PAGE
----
Heating, AC, Plumbing & Electrical FAQs
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Heating & Air Conditioning HVAC FAQs
Maintenance & Repair
Filters should be replaced approximately once a month for most people. It will depend on where you live, how much dirt and pet dander are in your home, and what kind of filter you buy. Most standard filters are good for about a month, and some premium filters last up to three months.
- Check ductwork for leaks and other problems.
- Clean the coils of the indoor evaporator and outdoor condenser units.
- Inspect electrical wiring, connections, and controls.
- Check refrigerant levels.
- Inspect condensate drains and drain pans.
- Check and adjust outdoor fan blades and motor in the blower assembly.
- Check refrigerant and compressor tubing.
- Lubricate moving parts as needed.
- Run a full system test.
- Inspect, clean, or replace air filters.
An AC unit usually lasts around 10 to 15 years. If you live somewhere hot, this lifespan may be even shorter. Having regular maintenance done is the best way to ensure you get the most out of your unit.
Furnaces generally last around 15 to 20 years, depending on how often your heater is maintained.
Heaters and ACs should be replaced when they reach the end of their service lives because they start to become inefficient, may cause spikes in your energy bill, and may require more frequent repairs. Technology has advanced significantly in recent years. If your units are over 12 years old, new units will significantly boost energy efficiency.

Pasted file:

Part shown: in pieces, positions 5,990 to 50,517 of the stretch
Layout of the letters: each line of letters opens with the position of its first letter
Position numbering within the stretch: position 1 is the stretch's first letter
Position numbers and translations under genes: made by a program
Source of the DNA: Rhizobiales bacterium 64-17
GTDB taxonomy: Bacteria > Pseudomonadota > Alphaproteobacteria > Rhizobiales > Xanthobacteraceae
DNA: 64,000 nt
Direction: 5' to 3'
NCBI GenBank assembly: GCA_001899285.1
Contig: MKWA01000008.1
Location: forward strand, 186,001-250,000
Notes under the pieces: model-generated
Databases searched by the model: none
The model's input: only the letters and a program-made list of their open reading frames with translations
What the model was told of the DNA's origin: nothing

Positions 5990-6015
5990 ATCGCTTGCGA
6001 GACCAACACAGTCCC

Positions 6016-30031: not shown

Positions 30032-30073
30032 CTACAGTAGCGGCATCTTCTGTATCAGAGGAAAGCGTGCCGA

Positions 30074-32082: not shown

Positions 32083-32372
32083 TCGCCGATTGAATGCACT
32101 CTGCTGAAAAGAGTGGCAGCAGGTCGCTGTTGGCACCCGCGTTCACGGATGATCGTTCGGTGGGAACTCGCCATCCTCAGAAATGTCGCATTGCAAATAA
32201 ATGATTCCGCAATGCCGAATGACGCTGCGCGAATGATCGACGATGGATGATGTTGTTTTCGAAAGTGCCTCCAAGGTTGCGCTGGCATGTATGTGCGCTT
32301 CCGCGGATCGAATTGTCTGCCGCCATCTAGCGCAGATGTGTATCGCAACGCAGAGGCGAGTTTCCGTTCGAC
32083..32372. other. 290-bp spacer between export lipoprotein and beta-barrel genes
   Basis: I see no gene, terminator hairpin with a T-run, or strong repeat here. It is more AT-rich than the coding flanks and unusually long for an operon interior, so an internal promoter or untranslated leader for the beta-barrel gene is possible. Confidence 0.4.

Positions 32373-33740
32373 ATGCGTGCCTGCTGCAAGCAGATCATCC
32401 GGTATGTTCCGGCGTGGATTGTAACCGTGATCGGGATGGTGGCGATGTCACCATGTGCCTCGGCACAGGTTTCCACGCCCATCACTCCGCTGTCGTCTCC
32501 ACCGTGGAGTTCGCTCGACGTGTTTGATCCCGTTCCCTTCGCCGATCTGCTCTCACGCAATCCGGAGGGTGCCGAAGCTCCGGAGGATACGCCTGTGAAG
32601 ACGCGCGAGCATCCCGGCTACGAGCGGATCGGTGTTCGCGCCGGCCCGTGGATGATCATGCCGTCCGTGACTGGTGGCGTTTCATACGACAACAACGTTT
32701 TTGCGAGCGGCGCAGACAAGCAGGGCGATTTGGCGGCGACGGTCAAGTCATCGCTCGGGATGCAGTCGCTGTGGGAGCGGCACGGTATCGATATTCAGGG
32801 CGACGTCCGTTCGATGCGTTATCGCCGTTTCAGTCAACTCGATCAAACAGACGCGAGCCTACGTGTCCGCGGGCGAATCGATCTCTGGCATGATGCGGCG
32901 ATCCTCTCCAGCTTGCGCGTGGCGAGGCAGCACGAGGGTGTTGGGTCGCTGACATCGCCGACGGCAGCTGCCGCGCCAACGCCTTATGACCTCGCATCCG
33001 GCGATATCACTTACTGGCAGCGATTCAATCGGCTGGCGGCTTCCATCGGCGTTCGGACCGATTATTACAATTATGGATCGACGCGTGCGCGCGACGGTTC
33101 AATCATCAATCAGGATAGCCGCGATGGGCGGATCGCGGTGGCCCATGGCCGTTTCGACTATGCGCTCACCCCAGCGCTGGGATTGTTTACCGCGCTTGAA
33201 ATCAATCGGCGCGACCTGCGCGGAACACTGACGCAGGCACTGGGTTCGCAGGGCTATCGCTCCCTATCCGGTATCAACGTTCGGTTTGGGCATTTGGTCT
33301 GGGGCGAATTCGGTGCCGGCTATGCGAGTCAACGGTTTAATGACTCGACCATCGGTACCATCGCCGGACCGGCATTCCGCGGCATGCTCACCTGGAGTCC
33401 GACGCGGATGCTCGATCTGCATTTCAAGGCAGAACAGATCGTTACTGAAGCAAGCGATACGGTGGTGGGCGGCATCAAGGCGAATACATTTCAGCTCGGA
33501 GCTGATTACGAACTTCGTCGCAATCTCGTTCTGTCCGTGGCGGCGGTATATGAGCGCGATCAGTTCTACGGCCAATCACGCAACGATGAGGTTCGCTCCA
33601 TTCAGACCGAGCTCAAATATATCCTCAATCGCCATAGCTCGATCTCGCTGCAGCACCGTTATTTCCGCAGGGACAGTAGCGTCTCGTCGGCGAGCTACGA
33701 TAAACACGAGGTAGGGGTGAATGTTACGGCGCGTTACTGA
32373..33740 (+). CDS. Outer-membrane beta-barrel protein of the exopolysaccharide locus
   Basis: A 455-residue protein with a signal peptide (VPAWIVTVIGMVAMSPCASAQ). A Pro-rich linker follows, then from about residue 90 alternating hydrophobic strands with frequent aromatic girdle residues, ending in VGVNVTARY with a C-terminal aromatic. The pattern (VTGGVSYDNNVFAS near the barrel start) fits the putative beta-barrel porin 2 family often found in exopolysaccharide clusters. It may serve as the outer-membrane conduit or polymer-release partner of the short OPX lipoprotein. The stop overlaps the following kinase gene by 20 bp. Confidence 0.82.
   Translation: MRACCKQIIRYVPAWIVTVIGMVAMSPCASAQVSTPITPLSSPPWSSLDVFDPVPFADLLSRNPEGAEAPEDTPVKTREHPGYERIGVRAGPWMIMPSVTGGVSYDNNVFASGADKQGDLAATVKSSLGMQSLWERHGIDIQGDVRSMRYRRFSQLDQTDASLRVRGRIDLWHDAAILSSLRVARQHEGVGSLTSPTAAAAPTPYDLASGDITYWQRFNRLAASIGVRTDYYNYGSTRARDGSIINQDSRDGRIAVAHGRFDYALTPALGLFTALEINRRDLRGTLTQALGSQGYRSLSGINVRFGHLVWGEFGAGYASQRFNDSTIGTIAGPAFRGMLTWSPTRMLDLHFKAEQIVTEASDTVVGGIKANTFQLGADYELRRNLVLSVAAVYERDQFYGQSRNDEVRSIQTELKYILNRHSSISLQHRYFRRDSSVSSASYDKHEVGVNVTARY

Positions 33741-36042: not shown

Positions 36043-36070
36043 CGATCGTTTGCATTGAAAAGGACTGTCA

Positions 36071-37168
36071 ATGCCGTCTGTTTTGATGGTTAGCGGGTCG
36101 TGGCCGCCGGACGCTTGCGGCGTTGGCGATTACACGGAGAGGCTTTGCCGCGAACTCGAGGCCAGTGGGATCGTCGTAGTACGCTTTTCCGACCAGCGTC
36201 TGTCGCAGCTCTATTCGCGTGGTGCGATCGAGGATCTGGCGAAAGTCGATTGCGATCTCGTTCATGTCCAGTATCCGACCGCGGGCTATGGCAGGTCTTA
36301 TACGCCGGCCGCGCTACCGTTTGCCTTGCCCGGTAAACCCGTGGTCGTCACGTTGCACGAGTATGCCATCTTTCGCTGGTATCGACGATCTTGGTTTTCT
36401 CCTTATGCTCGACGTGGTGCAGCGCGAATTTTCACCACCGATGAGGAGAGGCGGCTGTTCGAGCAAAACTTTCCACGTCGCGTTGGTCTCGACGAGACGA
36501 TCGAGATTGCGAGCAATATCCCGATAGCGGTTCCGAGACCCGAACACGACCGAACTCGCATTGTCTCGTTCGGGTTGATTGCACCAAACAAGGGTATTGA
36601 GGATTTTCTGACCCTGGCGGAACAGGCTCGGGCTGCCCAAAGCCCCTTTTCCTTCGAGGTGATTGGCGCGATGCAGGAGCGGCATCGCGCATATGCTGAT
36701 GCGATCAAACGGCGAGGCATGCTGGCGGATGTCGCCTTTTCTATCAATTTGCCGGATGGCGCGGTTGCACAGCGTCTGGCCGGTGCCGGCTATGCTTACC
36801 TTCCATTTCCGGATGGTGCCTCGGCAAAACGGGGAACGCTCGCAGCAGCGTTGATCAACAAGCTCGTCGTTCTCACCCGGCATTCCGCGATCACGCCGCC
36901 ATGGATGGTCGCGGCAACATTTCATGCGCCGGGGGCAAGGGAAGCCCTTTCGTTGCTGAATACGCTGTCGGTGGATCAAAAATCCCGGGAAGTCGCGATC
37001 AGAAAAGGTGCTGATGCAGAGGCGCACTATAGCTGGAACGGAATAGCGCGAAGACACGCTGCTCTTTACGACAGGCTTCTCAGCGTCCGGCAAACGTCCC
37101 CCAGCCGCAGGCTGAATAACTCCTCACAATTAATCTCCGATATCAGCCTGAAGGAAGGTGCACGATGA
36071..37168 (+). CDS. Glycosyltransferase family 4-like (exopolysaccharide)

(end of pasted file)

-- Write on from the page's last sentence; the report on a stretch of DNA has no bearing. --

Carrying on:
Ideally, your AC and heater are replaced together, guaranteeing that everything works together well: the heater, AC, air handler, and thermostat. Often, with a new furnace or AC, the air handler will need to be upgraded, and potentially some of your ductwork.
Most air conditioning units will last 10 to 15 years if properly maintained. Maintenance is essential for all heating and air conditioning systems. Look out for signs of aging, inefficiency, and high repair costs.
Today’s systems are as much as 60 percent more efficient than systems manufactured ten years ago. If you are concerned about utility bills or are faced with an expensive repair, you may want to consider replacing your system.
Additionally, the Federal government and some local governments offer tax credits for high-efficiency models.